Google search and destroy: The internet giant (motto: 'Don't be evil') has bought a pioneer of scary robot animals. Can its ethics survive?
Cahal Milmo is the chief reporter of The Independent and has been with the paper since 2000. He was born in London and previously worked at the Press Association news agency. He has reported on assignment at home and abroad, including Rwanda, Sudan and Burkina Faso, the phone hacking scandal and the London Olympics. In his spare time he is a keen runner and cyclist, and keeps an allotment.
Monday 16 December 2013
Big Dog is capable of many things of interest to its new owners at Google. What remains to be seen is whether the quadruped robot’s ability to pick up a breeze block and hurl it across a warehouse with impressive dexterity and speed is among them.
The computer search giant has completed the purchase of Boston Dynamics, the maker of a cutting-edge menagerie of walking and crawling robots including Big Dog, which counts America’s Department of Defense (DoD) among its major sources of income.
The robotics firm is the eighth company in the same field to be snapped up by Google in the last six months under a project headed by Andy Rubin, the executive responsible for turning Android into the world’s most widely used smartphone software and whose first love is robots. Mr Rubin, an engineer by training, last week used Twitter to declare that “The future is looking awesome!”.
But what is as yet unclear is just to what use Google, whose motto is famously “Don’t be evil”, plans to put its new stable of walking, sprinting and rock-throwing machines.
Boston Dynamics has won contracts worth $140m (£86m) since 2000 from the DoD and its agencies. The company boasts that it advises and assists the “US Army, Navy and Marine Corps” on developing “the most advanced robots on earth”. By comparison, Google’s income from defence work over the same period was $300,000.
Experts and campaigners yesterday voiced concern that despite Google’s insistence that it does not intend to become a defence contractor, the acquisition of a company with established links to the military might make such work hard to resist in future.
With inventions such as Big Dog, which is primarily designed to carry loads over rough terrain and has the uncanny ability to recover from a human kick, Boston Dynamics could move into the sphere of transporting weaponry rather than producing it. Professor Noel Sharkey, the leading artificial intelligence and robotics expert, based at the University of Sheffield, told The Independent: “I would like to think that Google will actually use the advanced technology to build an astonishing civil robot – maybe one that can deliver parcels or help in the home. But the multi-million dollar lure of military contracts may push them into the dark side. Let us hope not.”
The Boston Dynamics deal, for an undisclosed sum, brought inevitable – if overblown – comparisons between Google and Skynet, the rogue computer system which manages to wipe out much of humanity in the Terminator film series. The robotics company has blazed a trail in producing some extraordinary machines capable of operating in harsh environments, including the Cheetah, which can run at 29mph – faster than Usain Bolt, and Atlas, a humanoid robot built under a $10.8m deal with the Pentagon’s Defence Advanced Research Projects Agency.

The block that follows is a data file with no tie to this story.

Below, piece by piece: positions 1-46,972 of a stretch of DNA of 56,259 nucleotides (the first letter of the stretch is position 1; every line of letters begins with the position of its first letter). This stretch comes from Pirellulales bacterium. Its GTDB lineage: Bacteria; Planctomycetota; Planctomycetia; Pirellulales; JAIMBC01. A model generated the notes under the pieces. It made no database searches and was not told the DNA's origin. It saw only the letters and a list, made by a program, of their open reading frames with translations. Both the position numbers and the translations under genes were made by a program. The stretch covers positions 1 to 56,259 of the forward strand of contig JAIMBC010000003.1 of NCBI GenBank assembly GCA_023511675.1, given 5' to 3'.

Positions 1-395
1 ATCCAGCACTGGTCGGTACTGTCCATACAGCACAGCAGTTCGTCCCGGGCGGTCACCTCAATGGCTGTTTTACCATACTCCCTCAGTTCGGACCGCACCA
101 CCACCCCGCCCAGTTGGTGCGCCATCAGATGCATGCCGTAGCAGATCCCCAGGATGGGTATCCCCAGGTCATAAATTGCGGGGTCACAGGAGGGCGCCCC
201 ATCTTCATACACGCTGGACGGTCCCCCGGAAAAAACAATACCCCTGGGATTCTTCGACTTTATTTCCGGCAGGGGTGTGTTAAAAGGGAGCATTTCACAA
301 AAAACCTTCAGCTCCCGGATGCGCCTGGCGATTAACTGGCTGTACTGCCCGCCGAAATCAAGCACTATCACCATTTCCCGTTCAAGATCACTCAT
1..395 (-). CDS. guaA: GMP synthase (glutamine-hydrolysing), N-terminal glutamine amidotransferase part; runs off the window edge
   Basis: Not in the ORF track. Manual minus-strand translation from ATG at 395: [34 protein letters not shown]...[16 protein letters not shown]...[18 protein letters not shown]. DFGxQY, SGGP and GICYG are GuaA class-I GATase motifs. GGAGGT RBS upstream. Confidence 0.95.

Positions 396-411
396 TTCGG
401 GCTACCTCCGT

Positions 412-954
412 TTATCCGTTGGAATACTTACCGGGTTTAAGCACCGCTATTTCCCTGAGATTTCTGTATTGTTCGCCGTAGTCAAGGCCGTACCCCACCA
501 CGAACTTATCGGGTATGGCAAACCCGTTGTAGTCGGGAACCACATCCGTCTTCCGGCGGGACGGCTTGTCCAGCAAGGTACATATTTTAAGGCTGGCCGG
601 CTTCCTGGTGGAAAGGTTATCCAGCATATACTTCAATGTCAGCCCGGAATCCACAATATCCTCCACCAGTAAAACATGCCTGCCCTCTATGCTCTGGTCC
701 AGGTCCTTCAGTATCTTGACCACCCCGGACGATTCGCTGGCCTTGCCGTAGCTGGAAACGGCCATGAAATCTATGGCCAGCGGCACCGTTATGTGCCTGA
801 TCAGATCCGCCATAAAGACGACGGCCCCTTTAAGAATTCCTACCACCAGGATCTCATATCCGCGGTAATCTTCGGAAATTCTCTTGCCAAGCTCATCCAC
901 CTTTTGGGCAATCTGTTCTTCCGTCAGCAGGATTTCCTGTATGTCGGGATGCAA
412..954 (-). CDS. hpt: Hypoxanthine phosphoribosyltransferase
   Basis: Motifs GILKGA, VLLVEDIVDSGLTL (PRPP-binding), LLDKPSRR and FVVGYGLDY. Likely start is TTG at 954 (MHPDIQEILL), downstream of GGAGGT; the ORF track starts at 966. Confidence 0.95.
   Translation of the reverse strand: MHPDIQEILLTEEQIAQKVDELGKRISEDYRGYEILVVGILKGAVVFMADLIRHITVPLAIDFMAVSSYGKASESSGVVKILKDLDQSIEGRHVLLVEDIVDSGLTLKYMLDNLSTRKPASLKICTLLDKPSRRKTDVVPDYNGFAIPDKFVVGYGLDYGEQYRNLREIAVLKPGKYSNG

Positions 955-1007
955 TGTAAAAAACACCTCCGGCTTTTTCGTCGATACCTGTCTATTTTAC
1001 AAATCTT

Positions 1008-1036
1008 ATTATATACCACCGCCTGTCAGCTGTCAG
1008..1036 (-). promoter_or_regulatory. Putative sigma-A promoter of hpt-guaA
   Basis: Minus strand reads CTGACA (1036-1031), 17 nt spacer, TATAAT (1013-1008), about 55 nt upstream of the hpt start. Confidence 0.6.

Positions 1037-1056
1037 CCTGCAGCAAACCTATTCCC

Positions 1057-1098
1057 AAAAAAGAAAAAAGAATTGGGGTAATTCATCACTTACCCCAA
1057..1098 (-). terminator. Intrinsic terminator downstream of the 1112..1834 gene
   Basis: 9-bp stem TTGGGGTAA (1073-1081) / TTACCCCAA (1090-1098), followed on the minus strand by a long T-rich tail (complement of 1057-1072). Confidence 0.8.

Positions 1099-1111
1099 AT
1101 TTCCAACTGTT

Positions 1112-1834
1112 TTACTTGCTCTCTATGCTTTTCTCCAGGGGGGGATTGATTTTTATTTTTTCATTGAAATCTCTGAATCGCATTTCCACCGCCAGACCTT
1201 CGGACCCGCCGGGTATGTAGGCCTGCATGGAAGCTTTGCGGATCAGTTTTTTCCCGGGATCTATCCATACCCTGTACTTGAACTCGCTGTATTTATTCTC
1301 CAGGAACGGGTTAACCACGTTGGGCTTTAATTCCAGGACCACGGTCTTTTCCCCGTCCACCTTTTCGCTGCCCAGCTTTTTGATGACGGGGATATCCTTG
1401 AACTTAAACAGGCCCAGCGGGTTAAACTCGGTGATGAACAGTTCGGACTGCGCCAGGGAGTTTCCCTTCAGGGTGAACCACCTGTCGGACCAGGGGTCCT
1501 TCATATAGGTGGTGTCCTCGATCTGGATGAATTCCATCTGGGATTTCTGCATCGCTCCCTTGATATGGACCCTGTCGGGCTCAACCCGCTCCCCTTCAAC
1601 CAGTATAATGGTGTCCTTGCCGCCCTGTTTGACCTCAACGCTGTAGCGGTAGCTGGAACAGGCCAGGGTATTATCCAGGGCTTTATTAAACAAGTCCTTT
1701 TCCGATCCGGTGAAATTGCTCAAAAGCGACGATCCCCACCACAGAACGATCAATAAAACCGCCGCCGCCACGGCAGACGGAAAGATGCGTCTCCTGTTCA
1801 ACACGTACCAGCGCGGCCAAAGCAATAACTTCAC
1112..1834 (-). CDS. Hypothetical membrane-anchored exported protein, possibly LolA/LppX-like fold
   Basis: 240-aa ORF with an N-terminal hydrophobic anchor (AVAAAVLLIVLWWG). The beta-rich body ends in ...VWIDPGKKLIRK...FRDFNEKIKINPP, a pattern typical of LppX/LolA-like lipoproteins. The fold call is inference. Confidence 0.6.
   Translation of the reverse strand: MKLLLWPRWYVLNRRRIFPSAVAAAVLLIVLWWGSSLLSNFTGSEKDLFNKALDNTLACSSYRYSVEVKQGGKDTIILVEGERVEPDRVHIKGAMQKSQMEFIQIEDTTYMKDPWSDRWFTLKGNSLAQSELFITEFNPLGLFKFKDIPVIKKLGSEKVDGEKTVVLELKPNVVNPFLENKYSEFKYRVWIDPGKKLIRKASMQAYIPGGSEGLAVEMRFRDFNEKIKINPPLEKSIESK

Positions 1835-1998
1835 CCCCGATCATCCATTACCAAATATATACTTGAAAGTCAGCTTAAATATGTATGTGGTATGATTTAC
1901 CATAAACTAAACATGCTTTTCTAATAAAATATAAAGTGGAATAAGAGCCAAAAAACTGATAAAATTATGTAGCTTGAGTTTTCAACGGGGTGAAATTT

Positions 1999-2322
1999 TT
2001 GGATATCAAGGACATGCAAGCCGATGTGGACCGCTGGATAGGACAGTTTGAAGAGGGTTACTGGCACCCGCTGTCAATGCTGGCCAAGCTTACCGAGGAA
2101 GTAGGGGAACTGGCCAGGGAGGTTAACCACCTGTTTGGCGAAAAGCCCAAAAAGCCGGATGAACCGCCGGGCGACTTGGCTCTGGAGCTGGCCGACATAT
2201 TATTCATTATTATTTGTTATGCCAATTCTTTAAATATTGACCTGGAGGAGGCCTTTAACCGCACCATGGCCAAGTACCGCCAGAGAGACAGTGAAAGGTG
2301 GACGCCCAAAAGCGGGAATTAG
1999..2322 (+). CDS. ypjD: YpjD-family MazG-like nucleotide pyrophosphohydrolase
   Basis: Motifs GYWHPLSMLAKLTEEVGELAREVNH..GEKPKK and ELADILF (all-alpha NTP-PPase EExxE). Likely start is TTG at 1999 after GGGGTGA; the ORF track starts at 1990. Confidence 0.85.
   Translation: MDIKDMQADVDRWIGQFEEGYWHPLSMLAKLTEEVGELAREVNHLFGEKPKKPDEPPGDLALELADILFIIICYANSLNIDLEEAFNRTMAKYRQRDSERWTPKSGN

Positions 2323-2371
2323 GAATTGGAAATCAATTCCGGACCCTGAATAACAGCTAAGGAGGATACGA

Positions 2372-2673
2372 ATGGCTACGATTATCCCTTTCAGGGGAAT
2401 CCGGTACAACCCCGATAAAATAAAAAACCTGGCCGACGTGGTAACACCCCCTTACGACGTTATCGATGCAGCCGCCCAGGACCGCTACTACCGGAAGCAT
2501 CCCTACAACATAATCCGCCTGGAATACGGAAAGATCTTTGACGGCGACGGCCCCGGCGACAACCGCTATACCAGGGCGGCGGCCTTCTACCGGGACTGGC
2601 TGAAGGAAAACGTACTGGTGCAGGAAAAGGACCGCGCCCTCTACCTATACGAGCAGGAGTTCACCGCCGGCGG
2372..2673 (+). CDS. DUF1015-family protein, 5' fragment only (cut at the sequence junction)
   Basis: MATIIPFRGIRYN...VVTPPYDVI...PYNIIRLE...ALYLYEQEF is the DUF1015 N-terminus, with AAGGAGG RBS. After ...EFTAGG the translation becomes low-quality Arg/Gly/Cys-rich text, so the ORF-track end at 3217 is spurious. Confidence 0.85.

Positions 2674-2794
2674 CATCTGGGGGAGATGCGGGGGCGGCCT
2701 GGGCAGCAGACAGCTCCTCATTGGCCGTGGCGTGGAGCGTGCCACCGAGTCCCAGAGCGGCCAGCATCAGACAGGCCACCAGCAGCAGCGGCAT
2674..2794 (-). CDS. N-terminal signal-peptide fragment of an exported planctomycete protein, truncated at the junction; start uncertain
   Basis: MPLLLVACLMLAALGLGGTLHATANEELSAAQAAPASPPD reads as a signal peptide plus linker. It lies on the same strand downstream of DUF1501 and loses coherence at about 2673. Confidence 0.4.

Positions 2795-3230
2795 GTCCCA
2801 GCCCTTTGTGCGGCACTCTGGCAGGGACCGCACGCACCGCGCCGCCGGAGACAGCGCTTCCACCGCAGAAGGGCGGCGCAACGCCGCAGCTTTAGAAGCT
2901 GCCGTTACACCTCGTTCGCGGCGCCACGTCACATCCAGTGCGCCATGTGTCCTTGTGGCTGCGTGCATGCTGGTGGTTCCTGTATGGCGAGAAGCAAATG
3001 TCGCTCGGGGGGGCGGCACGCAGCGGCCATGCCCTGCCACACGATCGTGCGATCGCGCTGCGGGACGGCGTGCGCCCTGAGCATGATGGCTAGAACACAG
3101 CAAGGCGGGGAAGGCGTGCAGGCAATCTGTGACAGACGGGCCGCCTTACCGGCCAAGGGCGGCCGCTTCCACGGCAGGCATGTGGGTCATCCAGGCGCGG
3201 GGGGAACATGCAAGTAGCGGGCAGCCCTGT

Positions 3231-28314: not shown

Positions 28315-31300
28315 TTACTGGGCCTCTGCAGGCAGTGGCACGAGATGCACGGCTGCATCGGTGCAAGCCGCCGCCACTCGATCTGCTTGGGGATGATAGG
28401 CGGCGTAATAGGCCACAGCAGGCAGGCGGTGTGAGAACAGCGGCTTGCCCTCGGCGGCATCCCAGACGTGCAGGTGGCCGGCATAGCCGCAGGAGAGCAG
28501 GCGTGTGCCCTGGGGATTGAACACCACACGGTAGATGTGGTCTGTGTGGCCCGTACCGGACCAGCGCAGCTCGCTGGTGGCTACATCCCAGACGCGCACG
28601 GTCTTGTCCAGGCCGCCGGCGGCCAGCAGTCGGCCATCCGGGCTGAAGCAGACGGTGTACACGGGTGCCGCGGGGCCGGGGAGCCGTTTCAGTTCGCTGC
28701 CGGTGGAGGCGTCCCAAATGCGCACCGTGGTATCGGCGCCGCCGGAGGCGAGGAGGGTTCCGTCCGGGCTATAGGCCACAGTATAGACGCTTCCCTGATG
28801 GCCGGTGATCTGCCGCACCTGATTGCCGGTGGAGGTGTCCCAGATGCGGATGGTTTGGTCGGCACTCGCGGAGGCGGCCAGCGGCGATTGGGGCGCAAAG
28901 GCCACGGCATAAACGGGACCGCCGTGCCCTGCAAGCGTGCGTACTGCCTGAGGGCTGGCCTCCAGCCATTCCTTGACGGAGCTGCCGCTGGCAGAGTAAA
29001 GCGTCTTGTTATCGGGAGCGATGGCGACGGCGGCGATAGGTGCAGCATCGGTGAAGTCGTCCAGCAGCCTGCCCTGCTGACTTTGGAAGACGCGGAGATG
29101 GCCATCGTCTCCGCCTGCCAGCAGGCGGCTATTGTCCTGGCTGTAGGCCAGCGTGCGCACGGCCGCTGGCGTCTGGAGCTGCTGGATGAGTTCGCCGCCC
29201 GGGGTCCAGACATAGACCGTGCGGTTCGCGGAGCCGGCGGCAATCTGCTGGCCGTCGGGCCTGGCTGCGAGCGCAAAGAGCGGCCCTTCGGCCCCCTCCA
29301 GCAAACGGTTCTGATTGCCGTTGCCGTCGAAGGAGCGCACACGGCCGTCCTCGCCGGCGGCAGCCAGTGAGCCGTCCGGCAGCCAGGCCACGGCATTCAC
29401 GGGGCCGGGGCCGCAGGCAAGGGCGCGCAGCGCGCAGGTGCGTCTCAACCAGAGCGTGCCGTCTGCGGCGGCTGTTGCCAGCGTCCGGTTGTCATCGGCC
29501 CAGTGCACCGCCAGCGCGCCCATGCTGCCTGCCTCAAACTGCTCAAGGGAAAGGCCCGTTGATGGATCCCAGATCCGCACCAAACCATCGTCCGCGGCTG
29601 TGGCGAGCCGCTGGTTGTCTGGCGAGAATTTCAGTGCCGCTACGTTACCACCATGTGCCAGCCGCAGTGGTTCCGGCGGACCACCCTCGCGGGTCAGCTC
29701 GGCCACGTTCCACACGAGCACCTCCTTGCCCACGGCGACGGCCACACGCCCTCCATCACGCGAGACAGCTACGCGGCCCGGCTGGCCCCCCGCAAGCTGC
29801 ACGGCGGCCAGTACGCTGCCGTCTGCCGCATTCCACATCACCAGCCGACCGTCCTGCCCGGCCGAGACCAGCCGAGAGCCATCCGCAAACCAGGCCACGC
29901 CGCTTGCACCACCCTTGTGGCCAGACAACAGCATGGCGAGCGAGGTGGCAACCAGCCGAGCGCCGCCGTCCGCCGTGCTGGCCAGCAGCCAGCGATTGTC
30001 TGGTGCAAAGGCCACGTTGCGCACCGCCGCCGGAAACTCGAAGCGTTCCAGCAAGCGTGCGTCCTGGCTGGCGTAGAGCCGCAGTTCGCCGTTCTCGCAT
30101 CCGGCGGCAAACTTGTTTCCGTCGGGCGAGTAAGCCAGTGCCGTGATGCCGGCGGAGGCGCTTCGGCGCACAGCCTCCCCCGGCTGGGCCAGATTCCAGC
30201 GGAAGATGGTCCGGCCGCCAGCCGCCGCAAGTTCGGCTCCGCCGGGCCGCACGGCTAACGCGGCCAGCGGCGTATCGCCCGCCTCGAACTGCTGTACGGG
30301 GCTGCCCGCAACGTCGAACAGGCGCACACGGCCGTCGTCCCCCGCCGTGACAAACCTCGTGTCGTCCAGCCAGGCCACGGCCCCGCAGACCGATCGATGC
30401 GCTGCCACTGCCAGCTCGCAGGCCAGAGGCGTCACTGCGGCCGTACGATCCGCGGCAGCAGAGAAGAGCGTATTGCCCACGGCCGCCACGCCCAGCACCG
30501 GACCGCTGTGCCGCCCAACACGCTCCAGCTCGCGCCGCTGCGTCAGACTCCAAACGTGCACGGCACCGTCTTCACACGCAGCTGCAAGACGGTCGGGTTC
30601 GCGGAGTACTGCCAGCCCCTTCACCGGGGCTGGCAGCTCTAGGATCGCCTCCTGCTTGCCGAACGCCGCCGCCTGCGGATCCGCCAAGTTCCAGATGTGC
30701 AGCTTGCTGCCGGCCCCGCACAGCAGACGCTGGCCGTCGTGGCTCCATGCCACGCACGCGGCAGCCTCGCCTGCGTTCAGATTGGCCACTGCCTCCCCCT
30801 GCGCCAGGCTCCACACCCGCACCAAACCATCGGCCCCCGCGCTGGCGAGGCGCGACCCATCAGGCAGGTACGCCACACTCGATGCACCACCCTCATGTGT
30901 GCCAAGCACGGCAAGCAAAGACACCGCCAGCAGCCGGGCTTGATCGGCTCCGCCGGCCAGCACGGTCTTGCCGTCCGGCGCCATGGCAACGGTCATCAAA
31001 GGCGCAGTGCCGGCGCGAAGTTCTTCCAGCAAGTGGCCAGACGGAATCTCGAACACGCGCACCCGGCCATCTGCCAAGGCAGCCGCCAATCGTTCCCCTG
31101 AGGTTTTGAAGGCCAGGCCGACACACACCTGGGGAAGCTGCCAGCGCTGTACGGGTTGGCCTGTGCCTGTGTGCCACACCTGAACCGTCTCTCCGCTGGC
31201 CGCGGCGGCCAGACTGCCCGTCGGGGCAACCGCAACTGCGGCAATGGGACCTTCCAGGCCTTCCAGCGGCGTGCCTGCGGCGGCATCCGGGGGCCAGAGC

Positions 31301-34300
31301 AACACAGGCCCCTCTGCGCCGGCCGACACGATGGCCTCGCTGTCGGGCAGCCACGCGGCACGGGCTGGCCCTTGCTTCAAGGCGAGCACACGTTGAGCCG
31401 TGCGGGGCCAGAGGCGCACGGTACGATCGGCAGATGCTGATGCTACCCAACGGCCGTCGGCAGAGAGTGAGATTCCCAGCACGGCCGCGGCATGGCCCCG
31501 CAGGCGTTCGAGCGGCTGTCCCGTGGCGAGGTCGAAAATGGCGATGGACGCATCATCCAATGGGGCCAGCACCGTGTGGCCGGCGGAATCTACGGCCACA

But rather than hunting down hapless homo sapiens for some sort of robotic genocide, the maker of Atlas and its stablemates insists they are designed to help humanity out of self-inflicted disasters such as the Fukushima nuclear meltdown by working in environments where people would perish.
Dr Marc Raibert, a former professor at the Massachusetts Institute of Technology who became fascinated with re-creating animal biology in mechanical form and founded Boston Dynamics, has insisted his company does not exist to be a military contractor and is motivated by advancing robotics. For his part, Mr Rubin has described his project as a “moonshot” – the term Google applies to its slightly more outlandish schemes, such as self-driving cars and using a network of blimps to bounce internet signals to remote regions. But while a world of autonomous cars remains some way off, it is likely Google is expecting a quicker return on its robotic investments. Amazon has already spent nearly £500m on automating its warehouses and announced earlier this month – amid a lot of scepticism about the feasibility of such of a scheme – that it is developing delivery drones designed to drop a package on doorsteps for use within the next five years.
Amid such accelerating interest in the potential of what Mr Rubin has described as computers that are “starting to sprout legs”, it is likely that Google will focus its attentions on manufacturing and logistic, with its first products ready within several years. While it is unclear is whether the Google robotics venture will sail forth under the name of the mother ship or be hived off as a separate subsidiary, the pattern of spotting an everyday need – such as internet search – and expanding dynamically to fulfil it may sound familiar.
Mr Rubin told the New York Times: “I feel with robotics it’s a green field. We’re building hardware, we’re building software. We’re building systems, so one team will be able to understand the whole stack.”
The question is whether the company avowed to “make money by doing good things” can finesse Big Dog and its brethren sufficiently to assist an old person out shopping or run to a stricken hiker’s aid, rather than launching bits of masonry like a siege engine.
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